From Linus, with love

Volunteers make and donate blankets to help children feel that somebody cares for them
By Carla Burgess
From Linus, with love

After a young girl's home in northeastern North Carolina had been destroyed by fire, her mother went to stay at a faraway hospital with the girl's injured brothers. A Red Cross worker later visited the home of the girl's aunt where the child sat in a chair, somber and withdrawn.

"You could tell she was struggling — she was dealing with a lot," says Carolyn Self, director of the Greater Albemarle Red Cross chapter. Self had brought a stuffed animal and a kit with toothpaste, soap and other personal supplies for the family. But she also had something extra for the girl — a brightly colored homemade quilt. "She sat there with that quilt and she wrapped it around herself. Afterward she started to open up and talk to me. That quilt made her feel comfortable, made her feel like somebody was caring for her."

That caring somebody was a stranger — one among thousands of people across the country who stitch, knit and crochet their way into the hearts of children suffering from illness, injury, trauma or poverty. They are volunteer blanket makers or, as Project Linus calls them, blanket-eers. Karen Loucks of Denver, Colo., founded this non-profit organization in 1995. The name received the blessing of Charles Schulz, creator of the Peanuts comic strip. In the hands of his character Linus, the security blanket had become an icon.

Since Project Linus began, blanket-eers have created and donated nearly 5 million blankets. About 165,000 of those were made in North Carolina, which has 14 chapters in 45 counties across the state. Each chapter donates most of its blankets locally to hospitals, shelters, social services, law enforcement or relief agencies, anywhere they're needed in the community. If there is a surplus, blankets are sometimes sent to other states scarred by natural disaster or tragedy. For example, North Carolina joined with other states to send blankets to children affected by Hurricane Sandy, the mass shooting at Sandy Hook Elementary and the 9/11 attacks.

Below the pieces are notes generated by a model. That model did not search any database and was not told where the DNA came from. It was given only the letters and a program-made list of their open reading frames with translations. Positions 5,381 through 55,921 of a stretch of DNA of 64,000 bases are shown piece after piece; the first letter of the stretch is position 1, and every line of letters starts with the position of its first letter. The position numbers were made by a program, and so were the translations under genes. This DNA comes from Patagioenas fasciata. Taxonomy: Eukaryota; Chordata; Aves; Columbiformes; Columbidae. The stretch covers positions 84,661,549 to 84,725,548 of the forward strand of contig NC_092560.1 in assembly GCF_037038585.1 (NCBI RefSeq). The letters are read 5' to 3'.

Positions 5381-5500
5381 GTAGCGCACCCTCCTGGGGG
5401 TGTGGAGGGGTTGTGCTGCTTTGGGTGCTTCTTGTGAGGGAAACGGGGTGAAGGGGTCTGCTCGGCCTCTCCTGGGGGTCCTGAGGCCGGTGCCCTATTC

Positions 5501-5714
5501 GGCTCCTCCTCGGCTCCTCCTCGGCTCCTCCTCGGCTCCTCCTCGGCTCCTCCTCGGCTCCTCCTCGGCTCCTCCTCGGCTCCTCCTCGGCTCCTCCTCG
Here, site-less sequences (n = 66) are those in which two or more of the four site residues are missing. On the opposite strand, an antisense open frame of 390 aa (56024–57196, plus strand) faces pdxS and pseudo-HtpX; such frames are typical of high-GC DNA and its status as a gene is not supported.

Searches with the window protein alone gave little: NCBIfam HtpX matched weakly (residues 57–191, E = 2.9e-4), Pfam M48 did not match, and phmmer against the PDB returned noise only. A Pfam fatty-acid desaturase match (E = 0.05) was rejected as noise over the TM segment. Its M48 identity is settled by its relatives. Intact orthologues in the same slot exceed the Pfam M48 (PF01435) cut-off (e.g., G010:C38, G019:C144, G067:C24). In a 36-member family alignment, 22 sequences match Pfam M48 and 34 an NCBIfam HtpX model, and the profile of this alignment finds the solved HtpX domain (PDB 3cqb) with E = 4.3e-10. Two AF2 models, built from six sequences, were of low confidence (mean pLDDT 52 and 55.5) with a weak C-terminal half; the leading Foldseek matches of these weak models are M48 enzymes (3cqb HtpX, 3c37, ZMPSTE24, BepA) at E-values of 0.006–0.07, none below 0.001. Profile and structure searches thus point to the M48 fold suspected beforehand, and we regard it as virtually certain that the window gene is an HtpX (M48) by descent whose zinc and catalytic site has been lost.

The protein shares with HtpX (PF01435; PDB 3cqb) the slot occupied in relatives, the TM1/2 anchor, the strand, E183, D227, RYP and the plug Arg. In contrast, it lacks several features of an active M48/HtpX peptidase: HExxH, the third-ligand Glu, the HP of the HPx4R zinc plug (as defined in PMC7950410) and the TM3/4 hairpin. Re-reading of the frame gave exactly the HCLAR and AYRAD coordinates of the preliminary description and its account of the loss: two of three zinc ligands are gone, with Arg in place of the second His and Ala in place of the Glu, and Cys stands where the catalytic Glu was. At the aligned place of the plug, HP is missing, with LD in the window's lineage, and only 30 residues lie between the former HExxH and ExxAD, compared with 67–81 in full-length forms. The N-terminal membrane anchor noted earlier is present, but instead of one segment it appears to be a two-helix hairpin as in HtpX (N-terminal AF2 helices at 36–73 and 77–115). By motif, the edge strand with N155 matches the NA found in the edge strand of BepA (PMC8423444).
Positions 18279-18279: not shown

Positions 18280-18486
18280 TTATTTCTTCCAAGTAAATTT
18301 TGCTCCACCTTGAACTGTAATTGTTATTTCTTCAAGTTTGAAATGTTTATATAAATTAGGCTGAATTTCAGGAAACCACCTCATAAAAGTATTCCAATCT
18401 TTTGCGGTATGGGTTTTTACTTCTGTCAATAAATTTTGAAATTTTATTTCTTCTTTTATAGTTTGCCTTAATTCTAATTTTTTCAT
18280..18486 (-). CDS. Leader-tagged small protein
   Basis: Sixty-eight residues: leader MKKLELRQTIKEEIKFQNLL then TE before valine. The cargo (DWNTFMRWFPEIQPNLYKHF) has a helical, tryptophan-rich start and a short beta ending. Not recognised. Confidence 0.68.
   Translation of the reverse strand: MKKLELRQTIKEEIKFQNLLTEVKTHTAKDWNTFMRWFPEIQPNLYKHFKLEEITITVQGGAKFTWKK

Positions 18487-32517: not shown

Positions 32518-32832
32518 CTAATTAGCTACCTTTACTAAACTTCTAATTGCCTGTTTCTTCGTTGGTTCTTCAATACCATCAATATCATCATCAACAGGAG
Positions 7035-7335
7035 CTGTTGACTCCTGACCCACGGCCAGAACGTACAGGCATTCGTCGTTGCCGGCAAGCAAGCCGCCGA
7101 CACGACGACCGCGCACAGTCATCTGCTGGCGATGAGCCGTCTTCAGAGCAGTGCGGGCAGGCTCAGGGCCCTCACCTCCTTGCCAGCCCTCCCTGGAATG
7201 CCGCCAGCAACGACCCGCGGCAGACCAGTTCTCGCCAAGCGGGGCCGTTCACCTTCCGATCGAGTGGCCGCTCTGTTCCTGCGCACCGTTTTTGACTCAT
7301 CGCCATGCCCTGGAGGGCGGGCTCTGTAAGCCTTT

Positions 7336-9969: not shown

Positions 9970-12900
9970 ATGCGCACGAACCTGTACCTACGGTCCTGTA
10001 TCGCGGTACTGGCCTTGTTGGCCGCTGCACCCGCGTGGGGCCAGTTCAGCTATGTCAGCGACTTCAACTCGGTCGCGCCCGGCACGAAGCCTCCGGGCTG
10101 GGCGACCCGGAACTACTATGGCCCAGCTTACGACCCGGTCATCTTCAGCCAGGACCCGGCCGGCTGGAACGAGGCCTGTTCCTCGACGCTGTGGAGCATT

Blanketeer Cyndy Ward of Elizabeth City got involved in Project Linus through her quilt guild. "I thought it was cool that Project Linus made blankets for kids in crisis without having to qualify them in any way," she says. "It's not just for poor children or a particular class of children. If a kid is in pain, physical or mental, we can give them something that will give them immediate, lasting comfort. These blankets are like magic. Children really have an amazing response to them."

Many Project Linus volunteers are practically addicted to making blankets. At 104 years old, Emily Harrell of Elizabeth City is still quilting for the charity. Her youngest daughter, Peggie Anderson, quilts with her mother, who made 33 quilt tops in 2012 — that was a slow year, she says. Seventeen years ago, "Miss Emily" bought a mid-arm sewing machine (a type more accommodating for machine quilting) and never looked back. Peggie, a faithful assistant, hurried to keep up. "She'd get on there and be zipping right on down. She'd get to the end of one side and say, 'You need to turn it' or 'I need a new bobbin.'"